Wisconsin initiative measures environmental, financial impact of conservation
Results from the first year of a nationally recognized farm-level sustainability project in southwestern Wisconsin were released today, and the partners in the initiative are encouraged by what they see.
The dozen participating farms demonstrated that their conservation practices contribute to significant reductions in environmental pollutants reaching streams and rivers.
The analysis is part of a pilot project aligned with a first-of-its-kind framework for sustainability projects that helps farmers determine what conservation practices are most effective for their individual farms and document the environmental and financial effects. The goals: protect the environment, remain profitable and demonstrate to communities, customers and regulators that farmers are taking action on sustainability.
“These positive outcomes reflect a commitment among farmers to push ourselves each day to discover what works best on individual farms and fields, for both the environment and our businesses,” said dairy farmer Jim Winn, a participant in the project and the president of a farmer-led watershed conservation group called Lafayette Ag Stewardship Alliance (LASA) in Lafayette County. “It’s rewarding to see, in concrete terms, that we are making a positive difference.”
The assessment uses nationally accepted metrics from Field to Market: The Alliance for Sustainable Agriculture to address on-farm sustainability indicators, such as greenhouse gas emissions and energy use. A tool called Prioritize, Target and Measure Application (PTMApp) is being used for measuring impact on waterways.
The first-year findings in 2020, based on 2019 data, are detailed in a 141-page report.
- On average, farms participating in the pilot project have adopted five conservation practices per field that Field to Market’s Fieldprint Platform recognizes as having a positive impact on sustainability scores.
- Farms with livestock and those that use manure for most crop nutrient needs scored, on average, better than the project benchmark for greenhouse gas emissions and energy use. Manure replaces the use of inorganic forms of nitrogen, which have a higher energy (fossil fuel) cost to produce and ship.
- Existing conservation on the farms is reducing the amount of sediment reaching local streams and rivers by 28 percent.
- Estimates suggest that by adding cover crops to 50 percent of all fields in the project area, additional pollution reductions of 40 percent (sediment), 28 percent (nitrogen) and 23 percent (phosphorus) can be achieved.
“Farmers have long been stewards of the environment, and the increasing adoption of conservation practices is a testament to this,” said Lauren Brey, managing director of Farmers for Sustainable Food, a nonprofit organization of food system partners. “With this project, we now have data to quantify the impact of conservation on farms and to local water resources. These assessments will also guide farmers in management decisions.”
The farmers in the project teamed up with partners in the dairy food supply chain for the initiative. Farmers for Sustainable Food and Grande Cheese Company worked with LASA to develop the project with the Midwest environmental consulting firm Houston Engineering Inc. A host of other stakeholders are contributing to the initiative as well, from environmental groups and foundations to colleges and food retailers.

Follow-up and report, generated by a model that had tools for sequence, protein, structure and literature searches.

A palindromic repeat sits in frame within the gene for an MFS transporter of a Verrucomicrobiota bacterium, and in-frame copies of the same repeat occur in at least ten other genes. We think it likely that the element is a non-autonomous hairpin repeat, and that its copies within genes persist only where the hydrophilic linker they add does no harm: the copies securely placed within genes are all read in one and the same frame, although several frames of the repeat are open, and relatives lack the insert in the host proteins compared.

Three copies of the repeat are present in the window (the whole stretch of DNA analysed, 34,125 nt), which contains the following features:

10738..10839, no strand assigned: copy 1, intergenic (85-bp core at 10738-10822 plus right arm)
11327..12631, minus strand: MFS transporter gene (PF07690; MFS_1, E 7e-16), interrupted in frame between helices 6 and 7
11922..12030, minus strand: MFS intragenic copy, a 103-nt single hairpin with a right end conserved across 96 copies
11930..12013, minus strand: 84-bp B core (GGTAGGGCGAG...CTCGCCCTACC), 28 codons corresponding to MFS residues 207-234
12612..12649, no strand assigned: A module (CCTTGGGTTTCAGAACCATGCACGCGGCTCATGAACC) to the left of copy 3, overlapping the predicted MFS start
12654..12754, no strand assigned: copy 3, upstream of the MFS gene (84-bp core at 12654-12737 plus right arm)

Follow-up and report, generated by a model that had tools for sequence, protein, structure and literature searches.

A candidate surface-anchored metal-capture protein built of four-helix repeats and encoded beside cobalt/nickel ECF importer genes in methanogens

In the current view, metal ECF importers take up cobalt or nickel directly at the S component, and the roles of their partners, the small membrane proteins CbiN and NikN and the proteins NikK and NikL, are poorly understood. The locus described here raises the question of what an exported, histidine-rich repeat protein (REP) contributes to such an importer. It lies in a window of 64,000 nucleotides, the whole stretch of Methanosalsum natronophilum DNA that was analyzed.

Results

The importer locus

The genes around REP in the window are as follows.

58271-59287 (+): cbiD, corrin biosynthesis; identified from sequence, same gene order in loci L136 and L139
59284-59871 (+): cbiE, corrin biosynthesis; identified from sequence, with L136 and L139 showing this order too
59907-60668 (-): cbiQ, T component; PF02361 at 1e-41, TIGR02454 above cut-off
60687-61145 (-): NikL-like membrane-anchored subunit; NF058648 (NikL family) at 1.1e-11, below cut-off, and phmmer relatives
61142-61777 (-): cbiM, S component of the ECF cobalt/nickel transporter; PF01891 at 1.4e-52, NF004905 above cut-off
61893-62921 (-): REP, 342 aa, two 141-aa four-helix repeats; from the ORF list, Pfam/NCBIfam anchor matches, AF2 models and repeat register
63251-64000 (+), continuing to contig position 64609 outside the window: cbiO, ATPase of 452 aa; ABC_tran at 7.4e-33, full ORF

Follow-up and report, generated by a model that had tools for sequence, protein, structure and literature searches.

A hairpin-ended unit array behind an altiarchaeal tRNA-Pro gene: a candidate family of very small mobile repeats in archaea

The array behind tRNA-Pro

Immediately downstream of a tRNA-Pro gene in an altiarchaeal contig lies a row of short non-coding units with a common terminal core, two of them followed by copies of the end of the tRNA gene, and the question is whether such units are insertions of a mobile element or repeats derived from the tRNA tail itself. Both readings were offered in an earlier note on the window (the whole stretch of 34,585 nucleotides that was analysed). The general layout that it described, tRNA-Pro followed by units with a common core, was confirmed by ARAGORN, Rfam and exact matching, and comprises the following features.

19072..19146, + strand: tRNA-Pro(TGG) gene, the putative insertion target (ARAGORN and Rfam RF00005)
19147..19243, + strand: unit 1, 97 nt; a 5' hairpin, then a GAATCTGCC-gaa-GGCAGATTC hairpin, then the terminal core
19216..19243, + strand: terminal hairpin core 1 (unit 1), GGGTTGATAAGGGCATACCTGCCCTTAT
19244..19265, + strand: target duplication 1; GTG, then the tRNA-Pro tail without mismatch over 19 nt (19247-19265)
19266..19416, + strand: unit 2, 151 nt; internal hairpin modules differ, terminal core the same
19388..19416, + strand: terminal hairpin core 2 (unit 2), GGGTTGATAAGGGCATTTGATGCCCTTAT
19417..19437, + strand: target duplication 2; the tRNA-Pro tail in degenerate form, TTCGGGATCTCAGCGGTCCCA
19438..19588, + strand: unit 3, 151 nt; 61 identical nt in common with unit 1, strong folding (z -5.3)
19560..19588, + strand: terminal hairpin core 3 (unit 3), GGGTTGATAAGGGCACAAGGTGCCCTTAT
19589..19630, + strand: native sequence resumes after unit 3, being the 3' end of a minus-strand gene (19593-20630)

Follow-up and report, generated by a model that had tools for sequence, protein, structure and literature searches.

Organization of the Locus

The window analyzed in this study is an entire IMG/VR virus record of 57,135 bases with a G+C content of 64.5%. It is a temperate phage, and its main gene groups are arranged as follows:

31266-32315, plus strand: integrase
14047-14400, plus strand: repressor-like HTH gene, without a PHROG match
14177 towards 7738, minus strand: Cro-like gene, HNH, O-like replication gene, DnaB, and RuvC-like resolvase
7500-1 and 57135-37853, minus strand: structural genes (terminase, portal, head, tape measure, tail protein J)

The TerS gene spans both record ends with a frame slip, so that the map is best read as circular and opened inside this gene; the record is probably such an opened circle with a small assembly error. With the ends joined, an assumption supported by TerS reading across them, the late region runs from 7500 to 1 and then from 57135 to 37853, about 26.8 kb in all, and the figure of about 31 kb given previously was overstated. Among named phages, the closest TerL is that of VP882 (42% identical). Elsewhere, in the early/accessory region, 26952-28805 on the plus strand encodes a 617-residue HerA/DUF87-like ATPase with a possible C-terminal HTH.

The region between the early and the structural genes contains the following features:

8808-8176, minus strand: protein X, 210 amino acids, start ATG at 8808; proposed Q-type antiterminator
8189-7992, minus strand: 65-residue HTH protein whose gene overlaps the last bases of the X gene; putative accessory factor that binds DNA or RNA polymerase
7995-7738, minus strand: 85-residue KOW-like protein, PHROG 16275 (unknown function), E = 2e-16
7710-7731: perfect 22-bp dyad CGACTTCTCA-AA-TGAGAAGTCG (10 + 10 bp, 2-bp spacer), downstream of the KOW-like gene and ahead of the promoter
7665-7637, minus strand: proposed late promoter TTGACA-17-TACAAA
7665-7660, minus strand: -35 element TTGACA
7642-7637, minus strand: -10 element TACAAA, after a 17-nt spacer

The Innovation Center for U.S. Dairy recognized the framework and pilot project in June with a national sustainability award for collaboration.
Given the results achieved in year one, the Innovation Center is supporting the extension of the project for two more years as part of the U.S. Dairy Net Zero Initiative (NZI). By 2050, the dairy community has committed to being carbon neutral or better, optimizing water usage while maximizing recycling, and improving water quality by optimizing the use of manure and nutrients. NZI will play a key role in helping to achieve those goals while helping farmers identify economically viable solutions.
“The Innovation Center for U.S. Dairy applauds the work of this pilot sustainability project. As the dairy industry makes progress toward the collective 2050 Environmental Stewardship Goals, on-farm tools and resources are helping farmers understand their environmental footprint and the best, economically viable options for ongoing progress,” said Karen Scanlon, executive vice president of environmental stewardship for the Innovation Center for U.S. Dairy and Dairy Management Inc.
“This farmer-led project demonstrates that whole-farm tools and resources are key to documenting and communicating success. The Innovation Center is excited to join this effort as a partner, and we look forward to its next phase and bringing more learnings to more farmers across the country,” Scanlon said.
In addition to the environmental analysis, the project is assessing return on investment for conservation practices for three of the farms. During the first year of the project, farm business management experts at Southwest Wisconsin Technical College established a baseline of data for each farm.
Brey said more farmers are joining the project and interest is growing for similar initiatives elsewhere: one with an individual farm and on-site cheese plant in Wisconsin, one with another farmer-led watershed conservation group in the state and one with a dairy processor in South Dakota. The project framework is flexible in its design so it can be replicated, and the partners are encouraging others to use it, at no cost.
Winn said he is inspired by the progress and realizes this is long-term commitment.
“We can be proud of what we have accomplished, but it doesn’t stop here,” he said. “This is about continuous improvement — more innovation, more collaboration, more data — to make sure we are protecting our natural resources and remaining productive.”